The federal investigation will temporarily derail the aggressive investigation envisioned by House Government Reform Committee Chairman Dan Burton, Indiana Republican.
The committee's majority counsel, James Wilson, said it would maintain a "respectful distance" so it wouldn't conflict with Mrs. White's investigation.
That means the committee will likely back off demands to have Mrs. Rich testify and, perhaps, issue subpoenas for bank records and other documents. It will also delay a plan by the committee to offer Mrs. Rich immunity in return for her testimony, staff said.
But nevertheless, committee officials yesterday said they will subpoena three of Mr. Clinton's closest White House aides former chief of staff John Podesta, lawyer Beth Nolan and adviser Bruce Lindsey for the next hearing on the pardon.
In addition, the panel will recall Rich attorney and former White House counsel Jack Quinn for the same hearing, which has been scheduled for March 1.
The committee also asked Mr. Clinton and Mr. Rich to release all their aides and lawyers from any executive and attorney-client privilege so they can testify freely.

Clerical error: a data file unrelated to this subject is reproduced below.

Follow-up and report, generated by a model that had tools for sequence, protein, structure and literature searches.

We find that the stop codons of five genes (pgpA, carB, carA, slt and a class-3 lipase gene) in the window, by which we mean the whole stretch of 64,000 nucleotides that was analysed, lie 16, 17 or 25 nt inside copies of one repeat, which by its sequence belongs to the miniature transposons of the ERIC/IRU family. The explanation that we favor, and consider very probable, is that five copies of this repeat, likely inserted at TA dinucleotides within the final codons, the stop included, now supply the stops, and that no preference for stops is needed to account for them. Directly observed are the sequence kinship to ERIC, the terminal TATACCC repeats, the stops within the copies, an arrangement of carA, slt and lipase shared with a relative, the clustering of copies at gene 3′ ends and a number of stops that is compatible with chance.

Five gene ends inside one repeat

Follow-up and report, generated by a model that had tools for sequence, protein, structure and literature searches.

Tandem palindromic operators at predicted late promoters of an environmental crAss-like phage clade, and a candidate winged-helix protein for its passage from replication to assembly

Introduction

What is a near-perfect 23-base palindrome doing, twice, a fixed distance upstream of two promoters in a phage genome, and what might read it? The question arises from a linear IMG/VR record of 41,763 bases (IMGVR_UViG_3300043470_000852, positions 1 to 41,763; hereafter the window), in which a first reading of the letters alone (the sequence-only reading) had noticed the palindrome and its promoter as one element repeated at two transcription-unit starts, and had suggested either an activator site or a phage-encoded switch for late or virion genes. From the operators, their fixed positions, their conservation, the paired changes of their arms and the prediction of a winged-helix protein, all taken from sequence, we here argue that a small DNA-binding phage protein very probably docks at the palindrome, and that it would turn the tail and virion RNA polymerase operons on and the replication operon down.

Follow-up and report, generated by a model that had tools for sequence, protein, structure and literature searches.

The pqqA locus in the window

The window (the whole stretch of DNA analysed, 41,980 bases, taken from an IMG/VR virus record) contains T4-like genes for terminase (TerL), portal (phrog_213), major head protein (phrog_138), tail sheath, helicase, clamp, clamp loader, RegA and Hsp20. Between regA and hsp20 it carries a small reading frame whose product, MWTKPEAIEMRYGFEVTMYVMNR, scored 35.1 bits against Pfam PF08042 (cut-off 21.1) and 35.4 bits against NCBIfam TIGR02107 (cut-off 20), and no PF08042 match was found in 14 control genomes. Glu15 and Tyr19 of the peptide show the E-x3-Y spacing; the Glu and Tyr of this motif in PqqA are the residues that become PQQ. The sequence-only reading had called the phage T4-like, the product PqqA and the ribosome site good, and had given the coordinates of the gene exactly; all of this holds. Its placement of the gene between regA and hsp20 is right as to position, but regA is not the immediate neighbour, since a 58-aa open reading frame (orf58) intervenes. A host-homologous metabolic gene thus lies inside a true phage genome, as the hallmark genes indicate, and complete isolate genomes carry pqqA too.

"We're also asking Mr. Rich, if he has nothing to hide, to let his counsel speak freely and that goes for the documents that have been claimed by them as well," committee spokesman Mark Corello told reporters.
On Monday, Mr. Bush told reporters that he is not interested in questions about Mr. Rich, or other scandals surrounding the former president. There were reports that Mr. Clinton's staffers vandalized the White House on their way out, and Mr. Clinton admits that he took furniture and gifts from the White House when he left.
"My attitude is, all this business about the transition, it's time to move on, it is," Mr. Bush said. "It's time to stay looking forward, and that's what I'm going to do."
Mr. Fleischer said yesterday that Mr. Bush's attitude has not changed in any way. But he said that does not mean Mr. Bush is calling for a halt to Mrs. White's probe.